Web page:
DIY Electrical Jobs
DIY Jobs cause half of all serious electric shocks in UK homes!
Almost 50% of men admit that they feel they would rather try and tackle household maintenance and repair jobs themselves or ask a mate before calling in a professional.
But a survey has discovered that nearly half of all severe electric shocks are caused by DIY attempts, with the main errors including cutting through power leads, drilling into wiring and repairing electrical items while they’re still switched on.
In addition, in a survey of registered electricians, a third said they had seen or been involved with fixing electrical DIY mishaps that had resulted in fires, serious electric shock or significant repair costs.
Hence, as Approved registered electricians we can carry out your electrical work safely and efficiently. We can also self-certify our own electrical works relieving you of the need to interact with local building authorities should the need occur.
Monday-Friday: 8:00am–5:00pm. Saturday’s: 08:00am–12:00am
Frequently Asked Questions
When should an electrician carry out a rewire?
Your electrical wiring system should be checked at regular intervals if it is more than 25 years old. This will help identify any underlying faults and also any defects which could require improvement. It will also give you an idea of any work that might be required and potential cost if you are considering upgrading the electrical installation or remodeling.
What will a new rewire mean?
Having a full rewire will certainly bring the electrical installation in your property up-to-date with the latest wiring regulations. It will also give you the opportunity to modernise your home with a new consumer unit containing residual current devices (RCDs) and circuit breakers, additional sockets to suit your needs (including USB sockets should you so wish) and the most up-to-date, modern wiring available.
What will an EICR tell me?
An EICR report will provide a full summary of the condition of the electrics in your home or place of business. It will also determine whether it complies with the current British Standard for electrical safety (BS-7671).
Furthermore, it will record a number of observations in line with BS-7671 and make various recommendations where improvement may be necessary or beneficial to improving safety.
Generally, an EICR will provide coding against the condition of the installation. The classification codes are as follows:
- Code-C1 – This code should indicate that danger exists, requiring immediate remedial action, hence, the persons using the installation are at immediate risk.
- Code-C2 – This code indicates that whilst an observed deficiency is not considered to be dangerous at the time of the inspection, as a result, it could become a real and immediate danger if a fault or other foreseeable event was to occur in the installation or connected equipment.
- Code-C3 – This code indicates that whilst an observed deficiency is not considered to be a source of immediate or potential danger, while improvement would contribute to a significant enhancement of the safety of the electrical installation.
What are the common electrical terms I should know?
To help you understand what your electrician is talking about, we’ve put together a list of common industry terms.
BS 7671 – British Standard. Also known as the IEE (Institute of Electrical Engineering) wiring regulations and is the standard that all electrical installations must adhere to.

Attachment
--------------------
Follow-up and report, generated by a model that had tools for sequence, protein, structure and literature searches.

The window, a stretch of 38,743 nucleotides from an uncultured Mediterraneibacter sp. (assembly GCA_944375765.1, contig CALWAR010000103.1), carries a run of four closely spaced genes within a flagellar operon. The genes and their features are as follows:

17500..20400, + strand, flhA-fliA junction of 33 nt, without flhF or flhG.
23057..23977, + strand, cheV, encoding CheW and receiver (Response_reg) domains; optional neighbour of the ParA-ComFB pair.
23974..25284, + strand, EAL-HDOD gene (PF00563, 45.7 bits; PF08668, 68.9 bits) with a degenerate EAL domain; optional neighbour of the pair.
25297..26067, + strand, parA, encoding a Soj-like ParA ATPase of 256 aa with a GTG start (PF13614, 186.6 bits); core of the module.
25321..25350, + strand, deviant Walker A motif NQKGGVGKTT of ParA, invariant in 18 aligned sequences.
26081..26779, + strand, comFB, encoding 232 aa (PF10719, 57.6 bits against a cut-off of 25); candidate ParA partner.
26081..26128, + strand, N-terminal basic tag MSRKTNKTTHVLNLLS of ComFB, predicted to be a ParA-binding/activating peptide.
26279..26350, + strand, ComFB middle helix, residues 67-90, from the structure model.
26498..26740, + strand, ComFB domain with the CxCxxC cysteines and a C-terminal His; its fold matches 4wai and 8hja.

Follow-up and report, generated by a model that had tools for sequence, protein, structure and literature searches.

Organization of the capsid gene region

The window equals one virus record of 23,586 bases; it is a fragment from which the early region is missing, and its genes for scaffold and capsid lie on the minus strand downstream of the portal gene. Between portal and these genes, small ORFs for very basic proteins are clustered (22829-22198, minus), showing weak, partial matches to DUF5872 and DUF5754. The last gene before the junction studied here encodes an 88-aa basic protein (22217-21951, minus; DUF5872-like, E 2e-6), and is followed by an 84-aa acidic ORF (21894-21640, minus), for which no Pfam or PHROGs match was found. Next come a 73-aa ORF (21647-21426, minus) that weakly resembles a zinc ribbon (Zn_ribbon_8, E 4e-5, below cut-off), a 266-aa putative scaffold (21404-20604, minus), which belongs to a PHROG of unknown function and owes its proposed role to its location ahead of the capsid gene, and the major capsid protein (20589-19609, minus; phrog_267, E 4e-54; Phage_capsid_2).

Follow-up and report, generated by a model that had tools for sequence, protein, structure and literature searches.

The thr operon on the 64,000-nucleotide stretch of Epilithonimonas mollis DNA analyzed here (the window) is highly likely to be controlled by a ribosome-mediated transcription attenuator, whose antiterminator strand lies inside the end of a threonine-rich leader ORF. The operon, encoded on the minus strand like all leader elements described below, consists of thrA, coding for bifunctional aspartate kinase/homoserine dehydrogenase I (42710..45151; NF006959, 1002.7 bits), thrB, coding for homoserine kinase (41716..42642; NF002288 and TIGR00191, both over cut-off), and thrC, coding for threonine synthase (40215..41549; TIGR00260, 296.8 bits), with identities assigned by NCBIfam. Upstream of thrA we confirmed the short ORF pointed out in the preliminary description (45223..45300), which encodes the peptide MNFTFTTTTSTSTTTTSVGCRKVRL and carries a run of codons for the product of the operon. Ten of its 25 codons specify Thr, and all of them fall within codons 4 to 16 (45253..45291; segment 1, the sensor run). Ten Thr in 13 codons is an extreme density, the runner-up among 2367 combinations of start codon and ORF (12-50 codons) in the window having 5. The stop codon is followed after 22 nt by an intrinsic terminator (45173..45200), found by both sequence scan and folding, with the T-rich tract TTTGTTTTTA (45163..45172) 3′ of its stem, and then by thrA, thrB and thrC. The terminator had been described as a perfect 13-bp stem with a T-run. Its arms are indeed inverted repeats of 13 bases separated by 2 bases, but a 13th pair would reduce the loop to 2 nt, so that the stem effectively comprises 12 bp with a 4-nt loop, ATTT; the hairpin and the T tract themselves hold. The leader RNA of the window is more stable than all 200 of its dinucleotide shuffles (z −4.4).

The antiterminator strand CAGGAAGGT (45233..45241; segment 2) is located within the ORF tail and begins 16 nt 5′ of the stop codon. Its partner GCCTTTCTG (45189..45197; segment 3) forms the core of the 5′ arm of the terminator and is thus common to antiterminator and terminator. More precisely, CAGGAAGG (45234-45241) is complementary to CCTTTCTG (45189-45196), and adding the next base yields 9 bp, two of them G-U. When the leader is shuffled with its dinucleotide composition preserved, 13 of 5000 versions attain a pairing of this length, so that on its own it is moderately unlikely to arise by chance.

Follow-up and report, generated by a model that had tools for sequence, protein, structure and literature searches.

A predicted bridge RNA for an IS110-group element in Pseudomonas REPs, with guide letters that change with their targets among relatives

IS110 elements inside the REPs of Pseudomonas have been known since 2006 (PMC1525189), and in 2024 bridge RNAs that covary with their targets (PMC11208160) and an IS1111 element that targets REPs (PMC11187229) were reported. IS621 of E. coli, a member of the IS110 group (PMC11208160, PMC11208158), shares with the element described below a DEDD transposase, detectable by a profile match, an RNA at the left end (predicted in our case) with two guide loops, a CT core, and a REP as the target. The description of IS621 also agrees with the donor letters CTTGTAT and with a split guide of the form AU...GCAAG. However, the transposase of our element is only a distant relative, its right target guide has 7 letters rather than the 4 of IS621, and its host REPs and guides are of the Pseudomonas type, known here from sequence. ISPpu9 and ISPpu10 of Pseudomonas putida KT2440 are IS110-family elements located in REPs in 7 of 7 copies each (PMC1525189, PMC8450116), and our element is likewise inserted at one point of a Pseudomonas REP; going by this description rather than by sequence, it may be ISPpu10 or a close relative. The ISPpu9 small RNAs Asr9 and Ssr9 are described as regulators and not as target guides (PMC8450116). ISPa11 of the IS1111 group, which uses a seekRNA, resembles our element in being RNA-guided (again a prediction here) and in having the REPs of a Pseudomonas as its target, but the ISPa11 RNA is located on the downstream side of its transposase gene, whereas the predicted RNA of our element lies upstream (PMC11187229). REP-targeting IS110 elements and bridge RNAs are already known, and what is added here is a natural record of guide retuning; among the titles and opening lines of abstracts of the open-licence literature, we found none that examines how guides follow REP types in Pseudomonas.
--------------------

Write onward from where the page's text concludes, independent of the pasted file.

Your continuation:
Building Compliance Certificate. Referred to as a Part P certificate. A confirmation sent to the householder that the contractor has notified the work to the local authority via their competent person scheme.
Circuit Breaker or RCD. A device capable of making, carrying and breaking normal load currents and also making and automatically breaking, under pre-determined conditions, abnormal currents such as short-circuit currents.
Consumer Unit. Also known as a fuse-box is a particular type of distribution board comprising an assembly of one or more fuses, circuit-breakers, residual current operated devices.
Distribution Board. An assembly containing switching or protective devices (e.g. fuses, circuit-breakers, residual current operated devices) associated with one or more outgoing circuits fed from one or more incoming circuits.
Terms about Electricity I should know?
Electrical Installation Certificate. Any electrician installing a new electrical installation that also includes (a single circuit), altering, extending or adapting an existing circuit should issue an electrical installation certificate or minor electrical installation certificate to confirm the work complies with the requirements of BS 7671.
Electrical Installation Condition Report (EICR). Formerly called a Periodic Inspection Report (or PIR). A report to establish the overall condition of all the electrics in a building, stating whether it is satisfactory for continued use and detailing any work that might need to be done.
Electrical Installation. Any assembly of electrical equipment supplied by a common source to fulfill a specific purpose.
Part-P. The specific section of the Building Regulations that provides minimum safety standards for domestic electrical installations.
Periodic Inspection Report (PIR). An electrical survey to reveal if electrical circuits are overloaded, find potential hazards in the installation, furthermore it should highlight any lack of earthing or bonding and carry out tests on the fixed wiring of the installation.
RCD – Residual Current Device. Residual current device is a safety device that switches off the electricity automatically when it detects an earth fault, providing protection against electric shock.
Ring final circuit/ring main. A final circuit connected in the form of a ring and connected to a single point of supply.